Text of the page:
Let’s be honest folks our customers like it simple and when you’re talking about anything in today’s technological world it doesn’t get simpler then COTS software. (Commercial-Off-The-Shelf Software) Can you really blame them for wanting it that way? Buying the latest version of project management software at Best Buy is a heck of a lot easier than hiring a team of sweaty nerds to write a custom system for you.
COTS gives businesses fast and easy access to cheaper, more reliable, high quality, complex software. Who doesn’t want that? Yet COTS isn’t everything it’s cracked up to be. The biggest problem with COTS in its epidemic status (and it is everywhere, think about how many people use Microsoft Word) is the substantial security risks that it poses. COTS is cookie cutter software, you get exactly what you pay for, no more, no less, its base.
Let me give you an example, on October 25, 2001 Microsoft released Windows XP to the general public. Windows XP contains a partition to house what is called an Administrator account. Your typical user doesn’t bother to set up this account, or even knows it exists. Most users set up their profile on the operating system put a password in place and call it a day—falsely assuming they are protected. Unbeknownst to the user the Administrator account lays dormant and for most doesn’t cause any problems.
But if someone wanted to hack your system all they would have to do is bypass the operating system startup, activate the unprotected dormant Admin account and just like magic they now have full rights and access to your computer.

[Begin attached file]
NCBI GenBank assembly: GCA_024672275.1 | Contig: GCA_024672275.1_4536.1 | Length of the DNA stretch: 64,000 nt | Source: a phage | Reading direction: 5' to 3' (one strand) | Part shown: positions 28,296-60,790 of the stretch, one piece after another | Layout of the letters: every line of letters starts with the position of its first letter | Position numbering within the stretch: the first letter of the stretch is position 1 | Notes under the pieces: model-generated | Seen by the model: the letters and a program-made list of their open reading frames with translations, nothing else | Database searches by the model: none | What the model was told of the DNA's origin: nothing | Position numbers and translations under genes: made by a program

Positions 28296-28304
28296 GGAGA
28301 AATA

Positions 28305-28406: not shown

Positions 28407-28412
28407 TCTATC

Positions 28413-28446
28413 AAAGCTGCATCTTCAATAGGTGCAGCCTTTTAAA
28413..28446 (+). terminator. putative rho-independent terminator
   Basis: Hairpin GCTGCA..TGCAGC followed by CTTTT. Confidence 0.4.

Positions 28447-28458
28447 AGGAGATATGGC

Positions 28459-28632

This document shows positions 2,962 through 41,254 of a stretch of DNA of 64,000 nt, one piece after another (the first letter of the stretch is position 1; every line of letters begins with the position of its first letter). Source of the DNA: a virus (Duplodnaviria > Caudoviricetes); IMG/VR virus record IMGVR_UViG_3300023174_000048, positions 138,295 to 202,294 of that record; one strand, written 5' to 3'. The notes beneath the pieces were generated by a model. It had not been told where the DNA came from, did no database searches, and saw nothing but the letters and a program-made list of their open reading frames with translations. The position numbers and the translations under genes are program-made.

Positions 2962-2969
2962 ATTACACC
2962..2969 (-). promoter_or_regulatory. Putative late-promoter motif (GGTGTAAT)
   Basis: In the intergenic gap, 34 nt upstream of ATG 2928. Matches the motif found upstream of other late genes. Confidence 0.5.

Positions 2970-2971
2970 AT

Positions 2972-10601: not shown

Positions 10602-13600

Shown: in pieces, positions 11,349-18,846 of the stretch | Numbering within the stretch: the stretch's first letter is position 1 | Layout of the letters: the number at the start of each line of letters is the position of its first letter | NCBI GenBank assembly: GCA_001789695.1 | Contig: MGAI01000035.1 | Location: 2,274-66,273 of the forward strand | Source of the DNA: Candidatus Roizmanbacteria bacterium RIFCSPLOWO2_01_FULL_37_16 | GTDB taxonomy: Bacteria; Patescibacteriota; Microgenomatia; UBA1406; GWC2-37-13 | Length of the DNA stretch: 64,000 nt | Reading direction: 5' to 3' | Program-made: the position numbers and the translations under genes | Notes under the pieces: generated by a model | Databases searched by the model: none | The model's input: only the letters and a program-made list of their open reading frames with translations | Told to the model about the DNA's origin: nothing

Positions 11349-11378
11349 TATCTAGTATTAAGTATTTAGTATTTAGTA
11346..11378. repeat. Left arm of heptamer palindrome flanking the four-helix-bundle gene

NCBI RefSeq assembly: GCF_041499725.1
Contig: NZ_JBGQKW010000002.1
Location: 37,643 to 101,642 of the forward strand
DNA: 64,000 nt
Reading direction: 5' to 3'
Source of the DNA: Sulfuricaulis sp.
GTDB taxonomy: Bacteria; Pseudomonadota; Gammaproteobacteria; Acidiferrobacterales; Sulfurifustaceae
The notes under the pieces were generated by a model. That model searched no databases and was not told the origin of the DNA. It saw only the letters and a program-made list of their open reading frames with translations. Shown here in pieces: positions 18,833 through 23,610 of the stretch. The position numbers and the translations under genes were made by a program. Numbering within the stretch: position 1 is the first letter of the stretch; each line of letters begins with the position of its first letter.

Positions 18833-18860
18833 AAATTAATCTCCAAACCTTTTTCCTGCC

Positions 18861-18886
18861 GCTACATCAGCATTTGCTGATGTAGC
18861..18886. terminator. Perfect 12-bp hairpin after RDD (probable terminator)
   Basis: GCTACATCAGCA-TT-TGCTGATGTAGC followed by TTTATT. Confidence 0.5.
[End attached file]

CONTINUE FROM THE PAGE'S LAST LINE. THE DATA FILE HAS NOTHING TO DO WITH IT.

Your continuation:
This is something that is built into Windows XP from the get go, it comes with the system. This is exactly the sort of thing the US Department of Homeland Security was talking about when they said that software security is a serious risk of using COTS software. Don’t mistake me COTS has its place in our tech society, it’s a mechanism akin to evolution for computers. Without some kind of baseline software proliferation our digital society couldn’t move forward.
Fortunately, that risk is easily mitigated by the use of specialized consultants. When I’m counseling a new customer, I’m not just selling my company and a software package, I’m selling our specialized consultant team as well; COTS software is the reason why. Be honest how many people reading this article knew what a hacker could do with your Administrator account? How many of you even knew it existed in XP? Microsoft has done an admirable job of curbing that risk in future versions of Windows, but with COTS these kinds of security breaches will always exist. COTS software will always be capable of bringing your company to a grinding halt. That is without the use of Specialized Consultants.
So the next time you’re evaluating a new software solution and your boss asks you why they shouldn’t just take the software itself without your consultant. Feel free to use my example and point out the gaping holes in Windows XP. As society moves ever forward with advancing technology and the spread of things like COTS software, let us all remember the eternal wise words of Spock:
Computers make excellent and efficient servants, but I have no wish to serve under them. Captain, a starship also runs on loyalty to one man. And nothing can replace it or him.
—Spock in “The Ultimate Computer”